Editorial: Blaming New Orleans is easy, but wrong



Rex, King of Carnival, greets parade-goers on St. Charles Ave. The first confirmed case of COVID-19 in Louisiana was two weeks after Fat Tuesday. Photo credit: Michael Bauer

Jc Canicosa

You’ve probably noticed New Orleans in the news cycle a lot recently, and for an obvious reason. The Crescent City has been one of the worst affected cities in the country by COVID-19.

CNN, CBS and other news outlets have been grilling Mayor LaToya Cantrell and Gov. John Bel Edwards for not having the foresight to cancel Mardi Gras. And seemingly all of Twitter and Facebook were ready to jump on the bandwagon, blaming the city for throwing a week-long party in the midst of a pandemic.

Political columnist Meghan McCain told Cantrell on “The View ” that she was “surprised the Mardi Gras celebrations continued” in February. CNN anchor Jake Tapper asked Edwards if he regretted not cancelling Mardi Gras. One CNN reporter even cited our own reporting on Twitter to criticize the city, calling not cancelling Mardi Gras “a controversial decision at the time.”

But this blaming is a false narrative.

Carnival season kicked off on Jan. 6 this year, a whole week before a case of COVID-19 outside of China was even reported. So unless Mayor Cantrell had just gotten the city’s fortune read by a psychic in the French Quarter before Chewbacchus rolled out, expecting her to have the premonition to anticipate a pandemic in New Orleans is ridiculous.

On Feb. 19, Druids and Nyx, the first Uptown parades started rolling out, and on Feb. 25, Mardi Gras ended on Fat Tuesday.

Meanwhile, malls, zoos and museums were still seeing thousands of guests every day across the country. Disney and Six Flags theme parks still had wall-to-wall lines for all their rides and attractions, and were still overcharging families for churros. Millions of voters headed to the polls to vote on Super Tuesday, and thousands more were still going to rallies for presidential candidates Bernie Sanders, Joe Biden, Donald Trump and all of the other Democratic nominees who hadn’t yet dropped out.

And almost two weeks after Mardi Gras ended on March 9, the first presumptive case of COVID-19 was confirmed in Louisiana in New Orleans.

The NBA, MLS and NHL seasons were suspended two days later on March 11, a full two weeks after Mardi Gras ended. That’s two weeks of tens of thousands of screaming sports fans packed into arenas and stadiums across the country every single day.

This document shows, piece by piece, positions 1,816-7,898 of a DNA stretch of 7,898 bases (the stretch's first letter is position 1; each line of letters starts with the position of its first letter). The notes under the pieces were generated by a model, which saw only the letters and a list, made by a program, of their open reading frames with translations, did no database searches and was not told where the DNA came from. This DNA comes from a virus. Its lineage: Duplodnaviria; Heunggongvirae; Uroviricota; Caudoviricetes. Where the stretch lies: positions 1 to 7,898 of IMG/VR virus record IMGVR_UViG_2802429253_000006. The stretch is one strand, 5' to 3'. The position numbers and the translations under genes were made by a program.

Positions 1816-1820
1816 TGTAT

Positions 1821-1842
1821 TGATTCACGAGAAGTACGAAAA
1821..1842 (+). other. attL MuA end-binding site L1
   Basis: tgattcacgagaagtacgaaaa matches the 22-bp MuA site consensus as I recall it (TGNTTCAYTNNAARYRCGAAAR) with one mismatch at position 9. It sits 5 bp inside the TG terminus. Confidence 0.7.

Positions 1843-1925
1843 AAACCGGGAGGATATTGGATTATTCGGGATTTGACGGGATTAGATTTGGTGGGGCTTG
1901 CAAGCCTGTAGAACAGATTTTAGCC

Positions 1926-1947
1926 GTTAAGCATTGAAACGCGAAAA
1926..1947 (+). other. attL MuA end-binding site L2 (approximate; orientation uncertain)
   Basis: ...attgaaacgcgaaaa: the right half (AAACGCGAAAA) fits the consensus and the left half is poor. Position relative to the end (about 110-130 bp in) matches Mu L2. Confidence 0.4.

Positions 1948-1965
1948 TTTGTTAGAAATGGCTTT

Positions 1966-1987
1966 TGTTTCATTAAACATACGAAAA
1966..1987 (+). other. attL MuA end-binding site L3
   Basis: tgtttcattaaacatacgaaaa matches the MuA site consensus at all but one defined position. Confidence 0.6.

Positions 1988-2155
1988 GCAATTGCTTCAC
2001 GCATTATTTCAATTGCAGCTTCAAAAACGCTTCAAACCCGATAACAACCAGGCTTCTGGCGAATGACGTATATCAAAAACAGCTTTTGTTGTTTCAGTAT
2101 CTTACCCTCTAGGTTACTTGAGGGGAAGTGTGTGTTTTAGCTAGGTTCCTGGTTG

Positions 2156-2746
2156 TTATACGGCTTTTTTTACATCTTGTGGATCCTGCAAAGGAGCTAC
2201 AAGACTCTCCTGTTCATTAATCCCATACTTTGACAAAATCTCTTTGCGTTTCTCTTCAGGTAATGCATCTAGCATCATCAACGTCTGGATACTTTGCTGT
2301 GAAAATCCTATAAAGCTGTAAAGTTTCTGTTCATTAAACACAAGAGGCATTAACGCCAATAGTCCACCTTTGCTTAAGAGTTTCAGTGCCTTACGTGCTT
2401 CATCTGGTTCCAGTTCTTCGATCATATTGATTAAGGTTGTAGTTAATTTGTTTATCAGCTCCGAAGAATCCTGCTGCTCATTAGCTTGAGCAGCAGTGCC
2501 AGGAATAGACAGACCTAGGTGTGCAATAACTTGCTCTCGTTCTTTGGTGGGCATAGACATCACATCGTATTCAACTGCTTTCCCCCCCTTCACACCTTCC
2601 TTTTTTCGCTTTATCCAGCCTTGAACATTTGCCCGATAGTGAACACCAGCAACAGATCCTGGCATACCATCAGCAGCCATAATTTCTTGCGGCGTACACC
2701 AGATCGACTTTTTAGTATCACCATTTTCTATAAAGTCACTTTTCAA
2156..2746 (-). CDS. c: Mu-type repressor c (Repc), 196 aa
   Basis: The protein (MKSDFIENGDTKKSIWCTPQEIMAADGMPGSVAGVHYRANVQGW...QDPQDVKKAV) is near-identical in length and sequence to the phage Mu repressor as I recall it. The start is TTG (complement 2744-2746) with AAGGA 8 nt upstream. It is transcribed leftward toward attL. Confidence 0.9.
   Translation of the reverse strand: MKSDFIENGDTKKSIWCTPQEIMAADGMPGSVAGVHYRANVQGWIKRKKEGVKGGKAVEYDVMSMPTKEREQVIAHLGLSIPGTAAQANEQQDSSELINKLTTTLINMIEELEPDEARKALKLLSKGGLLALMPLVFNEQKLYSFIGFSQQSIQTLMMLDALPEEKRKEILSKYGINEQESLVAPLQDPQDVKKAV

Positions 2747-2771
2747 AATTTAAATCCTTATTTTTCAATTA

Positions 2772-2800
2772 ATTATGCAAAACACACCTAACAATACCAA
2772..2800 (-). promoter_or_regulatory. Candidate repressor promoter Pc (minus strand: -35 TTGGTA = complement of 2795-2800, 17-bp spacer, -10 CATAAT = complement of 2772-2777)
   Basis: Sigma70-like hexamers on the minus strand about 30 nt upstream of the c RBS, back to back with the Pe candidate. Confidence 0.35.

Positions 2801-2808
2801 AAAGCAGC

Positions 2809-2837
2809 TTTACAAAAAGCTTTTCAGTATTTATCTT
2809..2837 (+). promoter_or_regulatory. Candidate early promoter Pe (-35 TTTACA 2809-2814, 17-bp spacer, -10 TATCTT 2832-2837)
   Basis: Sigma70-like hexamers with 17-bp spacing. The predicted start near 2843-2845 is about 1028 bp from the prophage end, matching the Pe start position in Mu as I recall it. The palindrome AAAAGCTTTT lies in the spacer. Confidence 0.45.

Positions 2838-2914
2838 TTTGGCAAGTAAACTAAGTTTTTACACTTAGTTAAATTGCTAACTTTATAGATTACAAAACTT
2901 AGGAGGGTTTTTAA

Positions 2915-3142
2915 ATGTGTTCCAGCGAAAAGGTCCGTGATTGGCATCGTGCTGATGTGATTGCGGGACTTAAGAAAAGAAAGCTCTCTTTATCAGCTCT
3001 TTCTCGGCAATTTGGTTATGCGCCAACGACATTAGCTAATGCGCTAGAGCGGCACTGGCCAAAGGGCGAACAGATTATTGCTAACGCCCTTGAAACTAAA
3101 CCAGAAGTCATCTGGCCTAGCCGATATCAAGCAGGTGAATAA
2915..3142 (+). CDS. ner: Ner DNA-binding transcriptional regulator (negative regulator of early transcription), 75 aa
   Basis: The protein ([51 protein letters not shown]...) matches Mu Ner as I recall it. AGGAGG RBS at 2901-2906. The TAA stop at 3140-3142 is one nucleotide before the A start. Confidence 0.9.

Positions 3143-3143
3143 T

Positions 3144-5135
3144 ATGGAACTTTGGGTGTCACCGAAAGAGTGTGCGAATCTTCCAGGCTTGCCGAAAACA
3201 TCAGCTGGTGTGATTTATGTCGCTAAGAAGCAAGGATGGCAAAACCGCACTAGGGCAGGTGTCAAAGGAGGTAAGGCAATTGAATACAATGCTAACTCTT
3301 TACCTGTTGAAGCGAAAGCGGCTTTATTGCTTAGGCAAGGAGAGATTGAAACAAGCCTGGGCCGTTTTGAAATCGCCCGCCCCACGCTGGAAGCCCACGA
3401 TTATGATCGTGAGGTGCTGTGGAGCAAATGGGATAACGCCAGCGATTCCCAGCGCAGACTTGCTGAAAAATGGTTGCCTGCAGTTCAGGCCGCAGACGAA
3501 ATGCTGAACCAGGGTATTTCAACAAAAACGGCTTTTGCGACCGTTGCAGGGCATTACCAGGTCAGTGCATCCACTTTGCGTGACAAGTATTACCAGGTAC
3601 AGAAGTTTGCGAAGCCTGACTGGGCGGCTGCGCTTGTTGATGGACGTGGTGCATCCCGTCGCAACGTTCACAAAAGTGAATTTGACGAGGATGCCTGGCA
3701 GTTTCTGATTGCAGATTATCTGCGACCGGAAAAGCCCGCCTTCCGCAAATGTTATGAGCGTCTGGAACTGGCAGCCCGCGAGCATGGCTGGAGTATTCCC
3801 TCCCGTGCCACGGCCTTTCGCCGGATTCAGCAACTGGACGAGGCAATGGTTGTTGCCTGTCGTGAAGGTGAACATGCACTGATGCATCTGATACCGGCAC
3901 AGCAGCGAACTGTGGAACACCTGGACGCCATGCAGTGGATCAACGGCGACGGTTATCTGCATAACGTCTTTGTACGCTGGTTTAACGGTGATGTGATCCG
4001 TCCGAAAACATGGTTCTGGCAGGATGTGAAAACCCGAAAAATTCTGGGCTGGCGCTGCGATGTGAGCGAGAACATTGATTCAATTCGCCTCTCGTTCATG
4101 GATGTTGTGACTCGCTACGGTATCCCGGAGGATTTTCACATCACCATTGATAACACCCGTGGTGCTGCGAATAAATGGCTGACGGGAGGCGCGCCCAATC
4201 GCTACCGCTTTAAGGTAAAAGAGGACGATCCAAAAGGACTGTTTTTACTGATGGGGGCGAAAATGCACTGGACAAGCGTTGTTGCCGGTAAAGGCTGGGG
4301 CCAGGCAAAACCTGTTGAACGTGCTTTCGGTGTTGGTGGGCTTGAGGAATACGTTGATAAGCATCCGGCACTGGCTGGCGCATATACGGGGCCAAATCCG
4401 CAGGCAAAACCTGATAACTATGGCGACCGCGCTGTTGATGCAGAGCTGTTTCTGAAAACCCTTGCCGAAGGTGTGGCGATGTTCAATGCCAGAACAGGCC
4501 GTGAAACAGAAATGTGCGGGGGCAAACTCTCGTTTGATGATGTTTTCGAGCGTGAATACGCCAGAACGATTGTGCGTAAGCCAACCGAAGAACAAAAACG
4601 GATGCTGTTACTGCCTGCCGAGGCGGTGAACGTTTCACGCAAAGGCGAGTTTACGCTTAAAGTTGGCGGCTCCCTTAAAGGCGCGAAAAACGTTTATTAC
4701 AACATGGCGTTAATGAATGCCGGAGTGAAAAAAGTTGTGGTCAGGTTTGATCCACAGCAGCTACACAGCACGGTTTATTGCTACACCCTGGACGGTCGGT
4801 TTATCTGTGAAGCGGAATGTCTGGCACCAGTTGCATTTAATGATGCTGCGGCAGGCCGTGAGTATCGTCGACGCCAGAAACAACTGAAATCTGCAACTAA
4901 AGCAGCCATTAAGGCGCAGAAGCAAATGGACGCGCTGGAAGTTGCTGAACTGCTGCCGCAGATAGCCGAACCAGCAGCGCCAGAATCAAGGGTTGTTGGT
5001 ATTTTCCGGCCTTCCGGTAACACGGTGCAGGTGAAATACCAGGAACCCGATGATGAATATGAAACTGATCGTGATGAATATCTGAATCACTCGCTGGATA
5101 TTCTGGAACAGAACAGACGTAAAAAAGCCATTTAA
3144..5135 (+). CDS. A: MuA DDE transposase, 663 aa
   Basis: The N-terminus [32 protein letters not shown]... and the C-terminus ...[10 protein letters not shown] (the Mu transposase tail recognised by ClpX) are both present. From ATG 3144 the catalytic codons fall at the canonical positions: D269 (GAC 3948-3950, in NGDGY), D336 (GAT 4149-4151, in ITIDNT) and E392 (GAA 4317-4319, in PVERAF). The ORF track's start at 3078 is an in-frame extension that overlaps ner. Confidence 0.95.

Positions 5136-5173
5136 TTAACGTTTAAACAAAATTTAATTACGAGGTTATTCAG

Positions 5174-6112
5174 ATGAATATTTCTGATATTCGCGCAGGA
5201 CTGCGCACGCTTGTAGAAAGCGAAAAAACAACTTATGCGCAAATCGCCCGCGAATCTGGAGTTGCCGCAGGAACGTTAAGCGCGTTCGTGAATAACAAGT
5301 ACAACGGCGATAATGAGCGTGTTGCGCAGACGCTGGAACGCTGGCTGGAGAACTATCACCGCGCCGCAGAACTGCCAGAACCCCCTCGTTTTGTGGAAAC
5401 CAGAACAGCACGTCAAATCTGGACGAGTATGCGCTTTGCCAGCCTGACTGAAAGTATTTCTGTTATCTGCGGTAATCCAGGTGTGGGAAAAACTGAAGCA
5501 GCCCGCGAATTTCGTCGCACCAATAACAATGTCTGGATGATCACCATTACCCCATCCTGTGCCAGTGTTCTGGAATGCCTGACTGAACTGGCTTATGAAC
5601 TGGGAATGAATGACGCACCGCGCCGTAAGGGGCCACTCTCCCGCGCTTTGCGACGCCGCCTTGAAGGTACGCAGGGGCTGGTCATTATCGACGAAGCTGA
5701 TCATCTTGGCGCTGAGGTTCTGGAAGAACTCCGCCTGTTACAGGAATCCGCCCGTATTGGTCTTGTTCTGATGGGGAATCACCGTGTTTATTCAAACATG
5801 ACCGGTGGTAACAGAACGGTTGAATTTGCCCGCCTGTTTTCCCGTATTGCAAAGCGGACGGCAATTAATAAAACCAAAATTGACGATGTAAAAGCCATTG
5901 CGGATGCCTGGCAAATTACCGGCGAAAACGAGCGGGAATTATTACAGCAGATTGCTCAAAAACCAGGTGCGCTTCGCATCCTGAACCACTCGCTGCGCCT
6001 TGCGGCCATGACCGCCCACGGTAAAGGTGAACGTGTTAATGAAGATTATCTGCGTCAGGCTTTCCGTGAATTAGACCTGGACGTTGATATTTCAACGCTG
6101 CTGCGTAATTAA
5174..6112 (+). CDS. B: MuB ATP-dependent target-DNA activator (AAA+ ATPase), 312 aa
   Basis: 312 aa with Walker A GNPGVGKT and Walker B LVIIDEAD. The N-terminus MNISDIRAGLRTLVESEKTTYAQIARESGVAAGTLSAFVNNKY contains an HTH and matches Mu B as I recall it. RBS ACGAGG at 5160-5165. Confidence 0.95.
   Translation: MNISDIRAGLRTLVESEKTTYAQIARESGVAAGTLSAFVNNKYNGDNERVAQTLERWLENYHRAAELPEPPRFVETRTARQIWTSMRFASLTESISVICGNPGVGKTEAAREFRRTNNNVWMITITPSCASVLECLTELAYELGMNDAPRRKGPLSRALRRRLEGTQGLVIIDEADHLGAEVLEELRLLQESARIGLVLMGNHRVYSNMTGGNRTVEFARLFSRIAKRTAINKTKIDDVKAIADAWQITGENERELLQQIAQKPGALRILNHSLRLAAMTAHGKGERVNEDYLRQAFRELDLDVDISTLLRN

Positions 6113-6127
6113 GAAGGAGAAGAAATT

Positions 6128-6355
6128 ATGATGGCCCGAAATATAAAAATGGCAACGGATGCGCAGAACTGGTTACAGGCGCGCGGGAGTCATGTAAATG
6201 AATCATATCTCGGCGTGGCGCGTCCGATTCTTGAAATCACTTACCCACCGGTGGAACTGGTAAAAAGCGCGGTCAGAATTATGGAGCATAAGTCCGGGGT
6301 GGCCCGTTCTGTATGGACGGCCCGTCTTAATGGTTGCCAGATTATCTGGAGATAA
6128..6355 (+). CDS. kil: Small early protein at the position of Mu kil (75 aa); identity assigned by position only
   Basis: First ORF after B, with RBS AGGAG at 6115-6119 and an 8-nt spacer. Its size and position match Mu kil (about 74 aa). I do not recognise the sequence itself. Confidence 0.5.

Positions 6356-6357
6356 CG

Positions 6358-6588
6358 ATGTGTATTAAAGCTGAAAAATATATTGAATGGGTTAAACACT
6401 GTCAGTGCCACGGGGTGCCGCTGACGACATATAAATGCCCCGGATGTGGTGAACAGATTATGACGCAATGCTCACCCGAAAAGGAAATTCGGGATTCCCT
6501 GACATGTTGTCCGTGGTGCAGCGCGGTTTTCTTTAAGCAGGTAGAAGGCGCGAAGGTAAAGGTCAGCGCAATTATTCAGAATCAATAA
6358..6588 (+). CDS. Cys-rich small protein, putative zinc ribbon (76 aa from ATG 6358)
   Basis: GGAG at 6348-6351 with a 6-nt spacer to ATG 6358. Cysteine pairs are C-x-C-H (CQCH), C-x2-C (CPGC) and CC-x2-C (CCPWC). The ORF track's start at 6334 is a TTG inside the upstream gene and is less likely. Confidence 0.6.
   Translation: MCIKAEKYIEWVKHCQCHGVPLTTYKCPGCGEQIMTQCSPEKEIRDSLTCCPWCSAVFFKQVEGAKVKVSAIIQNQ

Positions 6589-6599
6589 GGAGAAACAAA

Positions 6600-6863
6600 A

Yet, there is a glaring lack of a public outcry against NBA Commissioner Adam Silver or NHL Commissioner Gary Bettman for lacking the foresight to shut down their seasons sooner, for an obvious reason. They couldn’t have been expected to have the foresight to see what kind of pandemic COVID-19 would turn into at the time.

So why is Mardi Gras, and to a larger extent, the city of New Orleans, being singled out by these social media pundits and television talk-show heads for lacking this foresight of what COVID-19 would eventually become?

Maybe because it’s such an easy target.

It’s easy to look at a city with one of the highest infection rates in the country, and point to a large gathering that city hosted weeks before any confirmed cases in the state, and put two-and-two together retroactively.

But, again, that’s a false narrative.

The CDC said that cancelling Mardi Gras was never even on the table at the time. If the leading medical experts at the time never recommended cancelling Mardi Gras, how can the city be to blame for still hosting carnival season? Our local leaders were just following the guidelines laid out for them every step of the way.

And our federal government’s leaders not taking this threat seriously enough didn’t help matters on the local level either.

President Donald Trump even tweeted almost two weeks after Mardi Gras ended, “So last year 37,000 Americans died from the common Flu. It averages between 27,000 and 70,000 per year. Nothing is shut down, life & the economy go on. At this moment there are 546 confirmed cases of CoronaVirus, with 22 deaths. Think about that!”

But under the right guidelines, the city’s officials have taken the right steps in choosing safety over fun. And we saw that in how Catrell, unpopularly at the time, cancelled all St. Patrick’s Day festivities on March 10, a full four days before even Disneyland closed down.

The pandemic spread of COVID-19 was accelerated in the United States by gatherings, sports events, rallies and amusement parks across the country for weeks after Mardi Gras, so maybe the blame lies not in how one particular city handled one particular social event, but on federal leaders for not doing enough to prevent this accelerated spread in the first place.

New Orleans is struggling right now to find answers to a growing number of new cases and new deaths every day. The growing number of confirmed case rates are outpacing the number of available ICU beds and ventilators in the city, and the city is desperately looking for answers.

The Crescent City has unfortunately become the victim of federal neglect, just as it did in 2005 after Hurricane Katrina. But this time, the city is fighting against a lack of resources in a health crisis — as well as false narratives, victim blaming and revisionist history.